The human face of recruitment remains vital, despite big strides in AI for both employers and candidates, agrees David Trollope, Managing Director of recruitment and workforce solutions company, Hays NZ.

“Once [a candidate] makes the shortlist, they need to impress in a face-to-face interview," he says.

"Our advice is that they then spend the time AI may free up during the application process to thoroughly prepare for an interview."

How can employers and recruiters test candidates as they advance through the recruiting process so they’re confident that the job hunter isn’t leaning too heavily on ChatGPT?

The key is to use a variety of methods to evaluate candidates from different angles, says David.

For instance, design an assessment that focuses on applying their knowledge and experience to a practical situation rather than questions and answers that could be AI- generated or Googled.

“Use real-world scenarios the candidate is likely to encounter in the job and ask them to provide a detailed response or solution.” he suggests.

You could also consider conducting any written assessments at a spare desk in your office so someone can monitor the candidate’s activity and give them a time limit.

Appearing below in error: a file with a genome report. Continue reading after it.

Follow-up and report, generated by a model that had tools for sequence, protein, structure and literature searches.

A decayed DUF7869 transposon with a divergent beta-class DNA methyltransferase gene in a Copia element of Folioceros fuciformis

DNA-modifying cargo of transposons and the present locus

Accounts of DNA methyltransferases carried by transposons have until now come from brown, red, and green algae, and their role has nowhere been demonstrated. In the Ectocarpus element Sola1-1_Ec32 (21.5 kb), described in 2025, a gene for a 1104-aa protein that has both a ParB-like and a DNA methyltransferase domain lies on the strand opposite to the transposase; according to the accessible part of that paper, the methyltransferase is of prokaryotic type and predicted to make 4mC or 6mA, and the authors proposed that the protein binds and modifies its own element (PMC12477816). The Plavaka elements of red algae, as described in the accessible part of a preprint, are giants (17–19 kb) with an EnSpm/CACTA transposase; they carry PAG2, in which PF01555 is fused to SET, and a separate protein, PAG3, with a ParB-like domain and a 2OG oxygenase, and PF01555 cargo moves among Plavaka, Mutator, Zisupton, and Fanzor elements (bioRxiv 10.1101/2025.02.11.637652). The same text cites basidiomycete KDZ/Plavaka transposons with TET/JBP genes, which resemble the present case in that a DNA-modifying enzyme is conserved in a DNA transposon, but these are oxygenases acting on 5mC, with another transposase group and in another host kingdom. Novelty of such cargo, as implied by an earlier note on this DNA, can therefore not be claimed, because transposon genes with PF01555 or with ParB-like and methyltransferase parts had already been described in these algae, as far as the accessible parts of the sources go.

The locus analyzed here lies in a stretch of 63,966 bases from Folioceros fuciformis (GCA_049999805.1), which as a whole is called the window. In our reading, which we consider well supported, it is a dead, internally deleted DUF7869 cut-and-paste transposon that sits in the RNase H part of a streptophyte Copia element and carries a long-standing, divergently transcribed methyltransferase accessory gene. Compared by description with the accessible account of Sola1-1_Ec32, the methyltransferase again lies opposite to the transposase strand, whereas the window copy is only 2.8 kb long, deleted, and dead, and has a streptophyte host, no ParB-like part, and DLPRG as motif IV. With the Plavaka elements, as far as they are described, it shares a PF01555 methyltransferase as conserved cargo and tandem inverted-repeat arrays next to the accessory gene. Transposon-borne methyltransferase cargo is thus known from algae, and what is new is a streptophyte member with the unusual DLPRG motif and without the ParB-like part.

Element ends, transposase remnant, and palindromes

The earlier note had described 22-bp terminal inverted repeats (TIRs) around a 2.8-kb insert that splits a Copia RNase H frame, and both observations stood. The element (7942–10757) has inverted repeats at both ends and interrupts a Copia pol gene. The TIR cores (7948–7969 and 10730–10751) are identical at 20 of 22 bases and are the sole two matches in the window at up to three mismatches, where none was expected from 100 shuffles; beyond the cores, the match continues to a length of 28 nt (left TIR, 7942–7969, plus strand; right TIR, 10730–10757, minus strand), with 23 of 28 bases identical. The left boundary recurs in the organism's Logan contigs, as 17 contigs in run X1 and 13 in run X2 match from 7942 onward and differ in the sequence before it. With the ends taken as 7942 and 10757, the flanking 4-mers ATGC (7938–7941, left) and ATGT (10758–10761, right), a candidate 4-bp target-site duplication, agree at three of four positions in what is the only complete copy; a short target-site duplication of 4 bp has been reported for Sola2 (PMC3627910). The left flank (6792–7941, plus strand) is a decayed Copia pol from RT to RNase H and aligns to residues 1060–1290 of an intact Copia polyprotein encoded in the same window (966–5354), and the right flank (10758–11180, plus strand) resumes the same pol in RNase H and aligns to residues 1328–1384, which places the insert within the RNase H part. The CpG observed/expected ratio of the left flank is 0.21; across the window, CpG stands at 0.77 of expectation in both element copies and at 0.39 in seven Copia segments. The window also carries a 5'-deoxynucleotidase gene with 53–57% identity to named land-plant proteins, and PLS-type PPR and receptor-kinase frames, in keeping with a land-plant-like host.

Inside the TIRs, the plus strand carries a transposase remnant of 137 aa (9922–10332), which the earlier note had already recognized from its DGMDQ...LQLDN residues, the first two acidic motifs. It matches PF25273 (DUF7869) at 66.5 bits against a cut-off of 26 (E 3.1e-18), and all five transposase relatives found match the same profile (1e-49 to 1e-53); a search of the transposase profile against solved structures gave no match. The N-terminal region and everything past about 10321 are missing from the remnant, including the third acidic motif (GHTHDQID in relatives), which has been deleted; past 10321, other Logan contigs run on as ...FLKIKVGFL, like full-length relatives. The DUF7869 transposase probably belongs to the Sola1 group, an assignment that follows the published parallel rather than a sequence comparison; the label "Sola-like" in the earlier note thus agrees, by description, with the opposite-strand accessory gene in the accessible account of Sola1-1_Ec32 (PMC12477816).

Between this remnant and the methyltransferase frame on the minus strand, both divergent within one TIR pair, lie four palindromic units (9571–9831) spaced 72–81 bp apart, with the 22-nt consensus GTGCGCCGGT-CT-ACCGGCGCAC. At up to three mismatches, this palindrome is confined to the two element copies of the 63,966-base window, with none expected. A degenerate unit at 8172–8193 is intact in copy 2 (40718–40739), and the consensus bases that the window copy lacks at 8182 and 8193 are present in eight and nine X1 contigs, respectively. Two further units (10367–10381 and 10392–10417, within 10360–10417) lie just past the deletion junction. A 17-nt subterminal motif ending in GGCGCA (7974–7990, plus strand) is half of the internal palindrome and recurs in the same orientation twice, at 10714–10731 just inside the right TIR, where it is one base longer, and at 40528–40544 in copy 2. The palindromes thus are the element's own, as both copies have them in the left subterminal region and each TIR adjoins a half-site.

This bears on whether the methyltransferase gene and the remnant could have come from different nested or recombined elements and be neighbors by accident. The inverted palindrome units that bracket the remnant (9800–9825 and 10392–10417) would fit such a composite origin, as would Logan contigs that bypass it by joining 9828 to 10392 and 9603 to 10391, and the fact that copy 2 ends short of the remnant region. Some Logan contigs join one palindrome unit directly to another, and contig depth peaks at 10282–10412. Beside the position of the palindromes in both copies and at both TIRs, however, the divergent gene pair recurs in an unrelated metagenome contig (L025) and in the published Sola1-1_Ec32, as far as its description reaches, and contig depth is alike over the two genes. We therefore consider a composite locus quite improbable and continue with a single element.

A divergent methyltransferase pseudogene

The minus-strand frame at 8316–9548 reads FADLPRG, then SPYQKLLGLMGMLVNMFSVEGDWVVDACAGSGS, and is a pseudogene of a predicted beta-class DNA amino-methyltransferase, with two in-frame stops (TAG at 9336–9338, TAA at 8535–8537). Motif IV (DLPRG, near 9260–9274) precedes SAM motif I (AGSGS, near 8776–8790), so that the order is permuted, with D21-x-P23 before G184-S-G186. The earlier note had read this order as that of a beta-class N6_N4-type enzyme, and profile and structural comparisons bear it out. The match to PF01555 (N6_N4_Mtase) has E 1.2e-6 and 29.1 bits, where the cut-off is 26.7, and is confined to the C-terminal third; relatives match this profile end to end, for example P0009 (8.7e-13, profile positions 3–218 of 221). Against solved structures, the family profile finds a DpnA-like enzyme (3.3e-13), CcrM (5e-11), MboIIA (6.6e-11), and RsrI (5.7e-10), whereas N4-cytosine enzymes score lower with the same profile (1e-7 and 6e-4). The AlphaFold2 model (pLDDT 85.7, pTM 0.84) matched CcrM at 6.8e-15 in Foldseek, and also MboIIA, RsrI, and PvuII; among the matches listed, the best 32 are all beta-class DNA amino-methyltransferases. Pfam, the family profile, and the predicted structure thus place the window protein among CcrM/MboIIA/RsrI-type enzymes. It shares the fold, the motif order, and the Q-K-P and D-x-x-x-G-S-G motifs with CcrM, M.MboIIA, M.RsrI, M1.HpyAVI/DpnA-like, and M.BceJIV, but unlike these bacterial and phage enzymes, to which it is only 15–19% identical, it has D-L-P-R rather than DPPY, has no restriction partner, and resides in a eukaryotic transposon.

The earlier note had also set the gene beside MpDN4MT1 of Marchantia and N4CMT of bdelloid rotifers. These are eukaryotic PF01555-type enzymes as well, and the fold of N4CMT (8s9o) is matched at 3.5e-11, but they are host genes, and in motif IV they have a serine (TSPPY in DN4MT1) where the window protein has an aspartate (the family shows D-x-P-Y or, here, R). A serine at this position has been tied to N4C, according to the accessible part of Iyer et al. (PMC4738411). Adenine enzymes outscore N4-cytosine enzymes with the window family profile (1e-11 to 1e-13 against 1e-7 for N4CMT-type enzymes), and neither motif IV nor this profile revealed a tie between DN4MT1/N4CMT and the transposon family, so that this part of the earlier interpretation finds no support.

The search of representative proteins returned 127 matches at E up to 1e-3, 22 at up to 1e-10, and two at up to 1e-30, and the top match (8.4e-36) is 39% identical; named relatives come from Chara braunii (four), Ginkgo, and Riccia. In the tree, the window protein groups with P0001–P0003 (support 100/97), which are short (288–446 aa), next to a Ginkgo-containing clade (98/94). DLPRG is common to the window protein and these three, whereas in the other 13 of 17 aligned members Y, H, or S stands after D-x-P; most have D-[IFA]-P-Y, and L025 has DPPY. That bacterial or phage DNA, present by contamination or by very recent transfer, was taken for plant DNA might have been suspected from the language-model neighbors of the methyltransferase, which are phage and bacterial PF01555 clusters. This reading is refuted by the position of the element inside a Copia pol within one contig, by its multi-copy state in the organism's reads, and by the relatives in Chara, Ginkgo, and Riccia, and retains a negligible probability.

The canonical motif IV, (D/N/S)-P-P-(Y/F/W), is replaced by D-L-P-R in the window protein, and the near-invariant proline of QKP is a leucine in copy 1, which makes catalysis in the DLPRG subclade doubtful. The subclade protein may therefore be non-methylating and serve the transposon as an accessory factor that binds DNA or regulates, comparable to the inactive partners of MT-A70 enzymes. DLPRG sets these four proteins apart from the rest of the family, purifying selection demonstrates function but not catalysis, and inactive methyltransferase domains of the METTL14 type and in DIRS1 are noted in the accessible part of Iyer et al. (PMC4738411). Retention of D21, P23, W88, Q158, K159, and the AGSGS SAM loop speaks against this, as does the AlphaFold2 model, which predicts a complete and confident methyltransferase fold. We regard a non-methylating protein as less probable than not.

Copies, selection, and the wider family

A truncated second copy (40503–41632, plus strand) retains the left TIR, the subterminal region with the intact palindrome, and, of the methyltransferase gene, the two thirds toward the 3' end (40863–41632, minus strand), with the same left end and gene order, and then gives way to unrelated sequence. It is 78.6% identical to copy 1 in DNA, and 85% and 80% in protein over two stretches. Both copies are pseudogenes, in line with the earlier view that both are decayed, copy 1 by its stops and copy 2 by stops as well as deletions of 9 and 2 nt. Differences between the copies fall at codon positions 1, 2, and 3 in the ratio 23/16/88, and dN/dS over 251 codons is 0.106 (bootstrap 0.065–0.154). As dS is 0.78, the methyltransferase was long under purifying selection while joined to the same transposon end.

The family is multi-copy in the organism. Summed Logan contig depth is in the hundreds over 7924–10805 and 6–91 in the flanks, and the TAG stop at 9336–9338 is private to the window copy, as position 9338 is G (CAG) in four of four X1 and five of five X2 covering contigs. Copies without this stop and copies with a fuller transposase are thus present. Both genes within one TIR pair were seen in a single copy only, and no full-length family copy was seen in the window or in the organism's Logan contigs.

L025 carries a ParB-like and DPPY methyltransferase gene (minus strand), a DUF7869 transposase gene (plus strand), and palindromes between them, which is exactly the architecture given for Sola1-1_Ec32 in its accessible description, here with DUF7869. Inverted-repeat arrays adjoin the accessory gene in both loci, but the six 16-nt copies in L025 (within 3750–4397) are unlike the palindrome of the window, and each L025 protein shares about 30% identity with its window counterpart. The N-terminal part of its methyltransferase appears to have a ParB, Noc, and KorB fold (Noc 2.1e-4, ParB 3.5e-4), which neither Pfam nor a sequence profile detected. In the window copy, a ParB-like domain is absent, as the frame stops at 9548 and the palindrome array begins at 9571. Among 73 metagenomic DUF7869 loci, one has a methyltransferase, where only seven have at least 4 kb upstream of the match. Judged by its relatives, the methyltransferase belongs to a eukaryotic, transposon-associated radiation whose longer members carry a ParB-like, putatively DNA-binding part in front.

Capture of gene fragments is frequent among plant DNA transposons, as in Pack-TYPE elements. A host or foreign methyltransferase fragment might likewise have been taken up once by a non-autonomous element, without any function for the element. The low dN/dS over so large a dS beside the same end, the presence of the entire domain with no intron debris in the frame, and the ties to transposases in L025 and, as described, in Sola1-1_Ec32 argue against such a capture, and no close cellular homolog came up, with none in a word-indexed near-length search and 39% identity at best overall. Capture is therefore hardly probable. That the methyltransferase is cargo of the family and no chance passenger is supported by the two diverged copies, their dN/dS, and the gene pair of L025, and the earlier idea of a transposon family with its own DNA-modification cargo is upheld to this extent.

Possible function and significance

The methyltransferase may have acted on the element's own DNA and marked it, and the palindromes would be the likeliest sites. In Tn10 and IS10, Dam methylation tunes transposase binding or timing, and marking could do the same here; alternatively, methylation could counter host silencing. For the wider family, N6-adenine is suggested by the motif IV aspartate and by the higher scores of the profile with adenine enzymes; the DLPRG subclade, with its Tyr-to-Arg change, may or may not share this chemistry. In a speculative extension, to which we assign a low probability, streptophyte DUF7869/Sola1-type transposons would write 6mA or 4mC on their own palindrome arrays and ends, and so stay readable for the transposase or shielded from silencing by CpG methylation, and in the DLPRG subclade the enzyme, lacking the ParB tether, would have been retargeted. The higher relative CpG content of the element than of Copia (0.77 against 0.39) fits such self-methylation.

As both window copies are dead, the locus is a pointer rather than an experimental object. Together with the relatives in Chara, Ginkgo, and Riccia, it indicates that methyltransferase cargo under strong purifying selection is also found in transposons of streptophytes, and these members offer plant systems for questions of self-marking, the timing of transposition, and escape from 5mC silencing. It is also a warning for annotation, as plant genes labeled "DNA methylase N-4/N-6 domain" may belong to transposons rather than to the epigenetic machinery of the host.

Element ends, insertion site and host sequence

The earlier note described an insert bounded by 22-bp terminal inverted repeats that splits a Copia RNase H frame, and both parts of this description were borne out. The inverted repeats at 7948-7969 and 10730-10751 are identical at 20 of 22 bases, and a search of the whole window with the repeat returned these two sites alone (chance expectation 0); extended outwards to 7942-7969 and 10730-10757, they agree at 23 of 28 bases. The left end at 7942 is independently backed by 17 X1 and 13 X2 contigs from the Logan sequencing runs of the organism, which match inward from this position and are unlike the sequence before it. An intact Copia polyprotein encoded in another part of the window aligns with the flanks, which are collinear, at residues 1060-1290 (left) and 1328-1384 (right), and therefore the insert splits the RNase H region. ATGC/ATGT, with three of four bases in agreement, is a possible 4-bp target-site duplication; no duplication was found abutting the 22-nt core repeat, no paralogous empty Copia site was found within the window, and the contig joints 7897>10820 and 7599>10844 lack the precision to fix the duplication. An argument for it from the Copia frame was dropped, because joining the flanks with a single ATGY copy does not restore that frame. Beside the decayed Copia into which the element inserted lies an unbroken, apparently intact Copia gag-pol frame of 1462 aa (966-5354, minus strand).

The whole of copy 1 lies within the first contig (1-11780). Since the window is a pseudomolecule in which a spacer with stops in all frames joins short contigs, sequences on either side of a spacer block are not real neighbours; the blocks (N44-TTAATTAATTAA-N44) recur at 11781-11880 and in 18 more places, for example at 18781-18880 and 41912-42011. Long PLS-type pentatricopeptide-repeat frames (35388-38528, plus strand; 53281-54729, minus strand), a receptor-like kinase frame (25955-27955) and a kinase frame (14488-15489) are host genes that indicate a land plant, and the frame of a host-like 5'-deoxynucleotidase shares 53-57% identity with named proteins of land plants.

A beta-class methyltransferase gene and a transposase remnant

Ask them to give a demonstration, presentation or complete another practical task to assess their skills in real-time, he suggests. And, of course, do thorough background and reference checks to help provide valuable insights on their on-the-job performance and skills too.

“Striking the right balance between AI and human capabilities is the challenge, but overall there seems to be a general openness towards staff using AI tools,” David says.

AI is boosting productivity, says academic

University of Otago Professor James Maclaurin, co-author of the report, The Impact of Artificial Intelligence on Jobs and Work in New Zealand in 2021, thinks businesses should be open to staff using ChatGPT in the workplace.

“From the research we’re seeing, productivity has been boosted by 30-40% thanks to AI and ChatGPT,” he says.

In 2023, as universities wrestle with how to handle ChatGPT with their students, Professor Maclaurin, co-director of the Centre for AI and Public Policy, says his message is they can use it as they would Google, but they can’t tailor a set of prompts and then put it directly into an essay.

In his courses, he’s asking students to write fewer essays and more work is going on in the room where he can see what people are doing.

In the workplace, meanwhile, it depends if the employer is open to staff members using ChatGPT in their daily work.

If a person has poor writing skills and they put in a ChatGPT-led sample that’s very good,but they’re not allowed to use the tool at work then that’s a problem, says the academic.

However, if the employer is open to the use of Generative AI, you might want to test them on their use of ChatGPT, he suggests.

“Give them a task: ‘write a prompt for me that solves a problem’. Prompt engineers in the US are being paid in the $100,000s so it’s not something everyone can do well, it takes skill,” says Professor Maclaurin.